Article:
In at least one respect, the Russian invasion of Ukraine has been helpful to western democracies.
This is because the top brass and the political class they advise in nearly all countries usually fight the current war based upon the experience of recent past wars – invariably with poor results.
Continue reading “Ukraine is big deterrent to China”
Legally and constitutionally, the Federal Parliament has the power to overturn the ACT’s laws which provide that a person caught with illicit drugs within an allowable amount will either be given a $100 fine or be sent to a diversion program.
The question is should it, or should it respect the democratic will of the people of the ACT as expressed in the laws passed by the ACT Legislative Assembly?
Continue reading “No rights for territories”
There it appeared on one of the many entrances to Port Douglas’s iconic Four Mile Beach – literally overnight – a shiny new, expensive metal sign extolling the virtues of fishing and advising people how to catch them.
Then there was the real catch. The sign told us that the money for the signage had been provided by the Federal Government. A bit of digging tells us that applications under the grants scheme closed in September 2021 and the grants were made in February 2022, just before the start of the caretaker period before the federal election.
Continue reading “A sign of governmental failure”
The polls are showing the Indigenous Voice declining from easy win to likely defeat after naïve acceptance of an onslaught of misinformation and outright lies by Opposition Leader Peter Dutton and the Murdoch media. Meanwhile, the real Voice to Parliament continues quietly unimpeded.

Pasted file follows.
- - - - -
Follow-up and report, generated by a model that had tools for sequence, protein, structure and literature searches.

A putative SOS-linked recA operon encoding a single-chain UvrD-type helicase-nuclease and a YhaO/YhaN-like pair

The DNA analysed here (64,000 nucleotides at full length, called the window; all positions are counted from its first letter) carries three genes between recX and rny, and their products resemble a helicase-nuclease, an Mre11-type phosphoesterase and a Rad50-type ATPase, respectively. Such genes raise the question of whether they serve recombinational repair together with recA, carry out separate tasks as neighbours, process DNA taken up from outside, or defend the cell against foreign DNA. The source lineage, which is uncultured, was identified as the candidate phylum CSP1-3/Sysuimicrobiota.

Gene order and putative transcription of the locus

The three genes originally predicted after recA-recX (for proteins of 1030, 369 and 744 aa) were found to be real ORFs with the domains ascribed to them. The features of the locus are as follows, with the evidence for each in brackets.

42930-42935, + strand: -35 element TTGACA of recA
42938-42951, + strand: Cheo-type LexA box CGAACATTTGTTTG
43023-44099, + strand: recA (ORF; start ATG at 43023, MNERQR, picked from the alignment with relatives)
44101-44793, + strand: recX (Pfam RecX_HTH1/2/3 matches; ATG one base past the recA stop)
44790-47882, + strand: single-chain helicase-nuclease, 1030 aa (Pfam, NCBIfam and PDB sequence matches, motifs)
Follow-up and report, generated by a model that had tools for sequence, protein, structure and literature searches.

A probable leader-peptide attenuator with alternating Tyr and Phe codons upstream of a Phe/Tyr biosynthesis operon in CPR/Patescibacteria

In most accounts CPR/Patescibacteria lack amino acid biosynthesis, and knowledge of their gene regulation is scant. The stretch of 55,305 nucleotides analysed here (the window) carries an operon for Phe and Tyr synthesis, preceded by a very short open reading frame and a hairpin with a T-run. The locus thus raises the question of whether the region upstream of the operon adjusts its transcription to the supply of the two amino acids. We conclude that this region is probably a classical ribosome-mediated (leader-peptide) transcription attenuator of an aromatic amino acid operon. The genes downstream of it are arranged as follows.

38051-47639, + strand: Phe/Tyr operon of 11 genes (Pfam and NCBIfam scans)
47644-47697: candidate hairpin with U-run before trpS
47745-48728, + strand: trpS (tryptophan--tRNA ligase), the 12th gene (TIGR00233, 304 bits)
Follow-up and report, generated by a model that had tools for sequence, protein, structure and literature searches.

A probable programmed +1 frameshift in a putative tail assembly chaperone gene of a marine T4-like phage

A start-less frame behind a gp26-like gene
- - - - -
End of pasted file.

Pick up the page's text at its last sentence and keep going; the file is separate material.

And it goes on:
Continue reading “A different voice to parliament”
We fret and worry about the Chinese threat, but events of the past week must make any observer question China’s diplomatic and economic competence. And further wonder whether “the rise of China” is a bit like “the Soviet menace” – a house of cards that can come tumbling down any minute.
And make us further wonder whether a fearful Australia is squandering too much treasure on meeting an exaggerated threat.
Continue reading “Ineptitude shows China threat exaggerated”
The true prescience of one of Australia’s greatest public-policy successes was revealed in the sixth Inter-Generational Report published last week.
Thirty-one years ago, despite vehement opposition from the Liberal and National Parties and deep scepticism from business, Labor’s Superannuation Guarantee legislation passed the Parliament.
Continue reading “Super example of good public policy”
A lawyer friend of mine who has acted on and off for large developers once told me that the really big money is Australia is made from change of land use.
Imagine, then, the vast amounts of money that will slosh about with Labor’s new policy to build 1.2 million dwellings over five years.
Continue reading “Housing crisis demands ‘demand’ action”
The fires on the Hawaiian island of Maui have had fairly wide coverage in Australia, largely because we had similar fires here in 2019. The fires will obviously contribute to global heating and the upsetting of stable climate systems. But there is another human-made hitherto stable system under threat: insurance.
Continue reading “Climate’s vicious circle for insurers”
A stark contrast emerged in the past week about what to do about short-comings in the police and criminal justice system’s carriage of sexual-assault cases.
Continue reading “Sofronoff’s useless report”
Memo Prime Minister Anthony Albanese: Now you have committed to the referendum this year, you must to everything you can to get it across the line.
The No campaign has used every dirty trick of lies, exaggeration and fear campaigns. The Yes campaign does not have to join them in deceit, but it has to get a bit clever.
A big leg up for Yes would come if the Federal voting age were reduced to 16.
Continue reading “A Voice plan & why we feel financially drained”